BusyLife Software

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April 15, 2013 Issue

The Most Powerful Name In Corporate News and Information


BusyLife Software products Go Mobile, Shop Mobile, QuickCart™ Integrated Point of Sale Solutions and Mobile Apps are enabling Consumers to Purchase Goods and Services from Anywhere at Anytime for Pickup, Delivery or Shipping Directly from their Mobile Phones and Devices

About BusyLife Software:


BusyLife Software powers the success of merchants by providing “best in class” mobile commerce solutions which drive sales and enhance the lives of their customers.


Merchant Solutions: Go Mobile with BusyLife Software and revolutionize the way your customers shop. Mobile commerce is proven to increase productivity, improve customer convenience and build customer loyalty. We offer comprehensive mobile software products. With Products like QwikCart™ integrated to Point of Sale solutions, we provide our merchants with branded, mobile commerce solutions that enable their consumers to purchase goods & services from anywhere at any time for pickup, delivery or shipping.


Consumer Convenience Solutions: Shop Mobile with BusyLife Software. Our mobile applications are the best way to speed up the little things in life that slow you down. With a product like QwikCart™, we help you to Do More, Simply. Our QwikCart™ mobile apps allow you to shop at your favorite restaurants and merchants for pickup, delivery or ship from anywhere, anytime.

BusyLife Software is a privately held Delaware C Corp, headquartered in Denver, Colorado.

Chris Poelma

Chris Poelma is responsible for the overall strategic direction, performance, and leadership of BusyLife Software. Chris is an experienced leader and has a track record of building world class software solutions. Chris previously served as CTO of Microsoft’s Operator Channel leading the Global Mobile Technology Platform development efforts and the Windows Mobility direction and managed the American Operator Partnerships. Prior to Microsoft, Chris was a COO of Magellan Network – TMN a Reservation Software, CEO of ControlPath a Compliance Software company, President and CEO at CSS Software, and CTO and Co-Founder of Usinternetworking an ASP (SaaS) company. Chris is a graduate of University of Wyoming with a degree in Computer Science.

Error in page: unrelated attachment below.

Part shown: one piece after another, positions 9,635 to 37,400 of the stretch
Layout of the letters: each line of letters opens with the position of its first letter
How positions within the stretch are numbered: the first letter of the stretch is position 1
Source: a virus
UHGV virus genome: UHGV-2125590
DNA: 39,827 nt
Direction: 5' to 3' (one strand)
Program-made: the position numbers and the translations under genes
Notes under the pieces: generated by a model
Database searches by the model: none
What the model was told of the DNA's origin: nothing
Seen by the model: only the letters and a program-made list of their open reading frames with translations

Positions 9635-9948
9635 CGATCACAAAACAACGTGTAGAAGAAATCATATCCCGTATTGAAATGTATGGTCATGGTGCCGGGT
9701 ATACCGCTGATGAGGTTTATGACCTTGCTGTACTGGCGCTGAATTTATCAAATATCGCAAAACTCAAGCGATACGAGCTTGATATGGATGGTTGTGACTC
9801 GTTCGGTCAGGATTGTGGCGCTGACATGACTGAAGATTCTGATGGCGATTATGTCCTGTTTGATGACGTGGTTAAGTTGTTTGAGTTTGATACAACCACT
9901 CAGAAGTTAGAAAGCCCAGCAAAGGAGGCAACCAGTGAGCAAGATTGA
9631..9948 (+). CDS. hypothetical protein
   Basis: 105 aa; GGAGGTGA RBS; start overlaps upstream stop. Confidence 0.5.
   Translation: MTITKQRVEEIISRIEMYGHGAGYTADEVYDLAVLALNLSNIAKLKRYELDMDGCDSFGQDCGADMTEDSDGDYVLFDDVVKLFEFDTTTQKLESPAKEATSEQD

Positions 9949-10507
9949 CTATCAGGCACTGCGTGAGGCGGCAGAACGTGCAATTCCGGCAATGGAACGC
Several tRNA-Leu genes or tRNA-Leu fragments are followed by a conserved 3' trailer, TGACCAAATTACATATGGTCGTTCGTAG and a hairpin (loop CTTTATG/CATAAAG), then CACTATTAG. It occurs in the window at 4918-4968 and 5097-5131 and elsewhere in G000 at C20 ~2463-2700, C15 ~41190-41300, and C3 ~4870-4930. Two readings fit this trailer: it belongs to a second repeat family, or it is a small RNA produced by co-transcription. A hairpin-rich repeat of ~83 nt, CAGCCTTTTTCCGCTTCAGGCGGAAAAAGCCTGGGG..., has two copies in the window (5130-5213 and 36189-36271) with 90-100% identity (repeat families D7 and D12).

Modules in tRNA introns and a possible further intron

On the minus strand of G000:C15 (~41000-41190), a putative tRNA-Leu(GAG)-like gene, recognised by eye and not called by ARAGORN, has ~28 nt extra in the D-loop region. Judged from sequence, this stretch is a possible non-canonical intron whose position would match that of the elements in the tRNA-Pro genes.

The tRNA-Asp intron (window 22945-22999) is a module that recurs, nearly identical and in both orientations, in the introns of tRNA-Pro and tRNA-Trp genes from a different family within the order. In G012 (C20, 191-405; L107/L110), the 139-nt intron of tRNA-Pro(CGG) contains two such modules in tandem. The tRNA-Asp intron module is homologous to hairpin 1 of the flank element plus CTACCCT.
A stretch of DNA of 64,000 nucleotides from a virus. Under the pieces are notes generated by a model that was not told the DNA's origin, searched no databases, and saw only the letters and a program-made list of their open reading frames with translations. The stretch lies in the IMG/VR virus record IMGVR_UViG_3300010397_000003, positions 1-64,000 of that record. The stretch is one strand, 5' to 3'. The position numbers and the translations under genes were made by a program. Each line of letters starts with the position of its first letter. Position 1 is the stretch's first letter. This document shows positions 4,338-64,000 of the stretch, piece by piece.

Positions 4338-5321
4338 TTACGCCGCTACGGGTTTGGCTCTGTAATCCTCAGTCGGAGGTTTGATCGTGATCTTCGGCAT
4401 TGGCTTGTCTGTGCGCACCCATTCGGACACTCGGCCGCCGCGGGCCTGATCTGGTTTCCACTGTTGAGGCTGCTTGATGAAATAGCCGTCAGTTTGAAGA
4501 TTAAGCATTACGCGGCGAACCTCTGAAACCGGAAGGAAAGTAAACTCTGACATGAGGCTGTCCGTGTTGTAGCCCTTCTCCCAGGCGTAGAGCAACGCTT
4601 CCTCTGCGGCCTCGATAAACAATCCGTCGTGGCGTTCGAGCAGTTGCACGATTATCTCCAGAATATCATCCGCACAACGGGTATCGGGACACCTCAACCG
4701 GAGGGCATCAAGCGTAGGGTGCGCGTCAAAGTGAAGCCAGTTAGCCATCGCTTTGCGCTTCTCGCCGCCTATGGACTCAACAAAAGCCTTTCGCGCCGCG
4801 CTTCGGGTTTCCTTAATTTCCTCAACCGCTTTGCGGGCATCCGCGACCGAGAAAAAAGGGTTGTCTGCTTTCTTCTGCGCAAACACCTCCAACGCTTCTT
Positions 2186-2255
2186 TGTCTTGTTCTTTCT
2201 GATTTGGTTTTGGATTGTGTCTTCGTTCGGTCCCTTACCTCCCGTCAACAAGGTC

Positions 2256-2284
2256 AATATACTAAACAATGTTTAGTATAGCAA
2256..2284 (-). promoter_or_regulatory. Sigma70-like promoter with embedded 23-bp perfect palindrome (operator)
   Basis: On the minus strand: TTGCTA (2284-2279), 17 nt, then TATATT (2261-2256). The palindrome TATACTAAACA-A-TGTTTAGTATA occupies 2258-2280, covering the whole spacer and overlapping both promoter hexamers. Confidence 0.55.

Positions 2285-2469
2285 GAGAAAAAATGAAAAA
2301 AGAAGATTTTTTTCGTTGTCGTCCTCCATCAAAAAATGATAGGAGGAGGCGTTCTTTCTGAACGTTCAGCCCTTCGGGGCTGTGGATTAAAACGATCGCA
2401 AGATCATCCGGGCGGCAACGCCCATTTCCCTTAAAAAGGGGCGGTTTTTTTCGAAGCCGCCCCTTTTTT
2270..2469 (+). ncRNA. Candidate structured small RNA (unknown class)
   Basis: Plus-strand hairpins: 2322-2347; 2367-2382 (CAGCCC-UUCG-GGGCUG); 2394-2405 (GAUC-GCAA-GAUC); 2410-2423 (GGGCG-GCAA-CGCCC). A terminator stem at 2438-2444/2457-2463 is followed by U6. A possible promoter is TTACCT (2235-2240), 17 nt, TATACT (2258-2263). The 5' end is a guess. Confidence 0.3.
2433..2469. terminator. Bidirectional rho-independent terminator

Business Services

Point of Sales Solutions


BusyLife Software
1624 Market Street, Suite 202

Denver, Colorado 80202



BusyLife Software
Print Version


Interview conducted by: Lynn Fosse, Senior Editor, CEOCFO Magazine, Published –April 15, 2013

Mr. Poelma, what is the concept for the company?

Mr. Poelma: The concept is we enable retailers to showcase their full product line on consumer mobile devices. We enable consumer the ability to purchase from their favorite grocery, apparel, restaurants, hardware, home center, pet supply and other stores right from their mobile device any time of day from any location around the world via cell or WiFi. And, we enable distributors and wholesalers to directly reach their retail consumer audience via mobile devices. We are mobile commerce.


CEOCFO: Is it different than the way others present it?

Mr. Poelma: It is via mobile commerce. It has only been made possible since the middle of 2011 when the telecommunications networks at least in North America went from second generation to third generation more so than the ability via mobile devices like the iPhone or the android or the iPad. What has enabled this technology is networks ability to carry data in addition to voice and that has come about over the last 2 ˝ years, so it is a new technology. There are a few other companies out there that are providing mobile capabilities primarily online through a web browser. Ours is not through a web browser but a purpose built designed application or platform, as we refer to it, to support large retailers and midsized retailers to be able to share their retail goods out to the consumer market.


CEOCFO: Are many of the retailers understanding what is available today or is it still somewhat below the radar screen?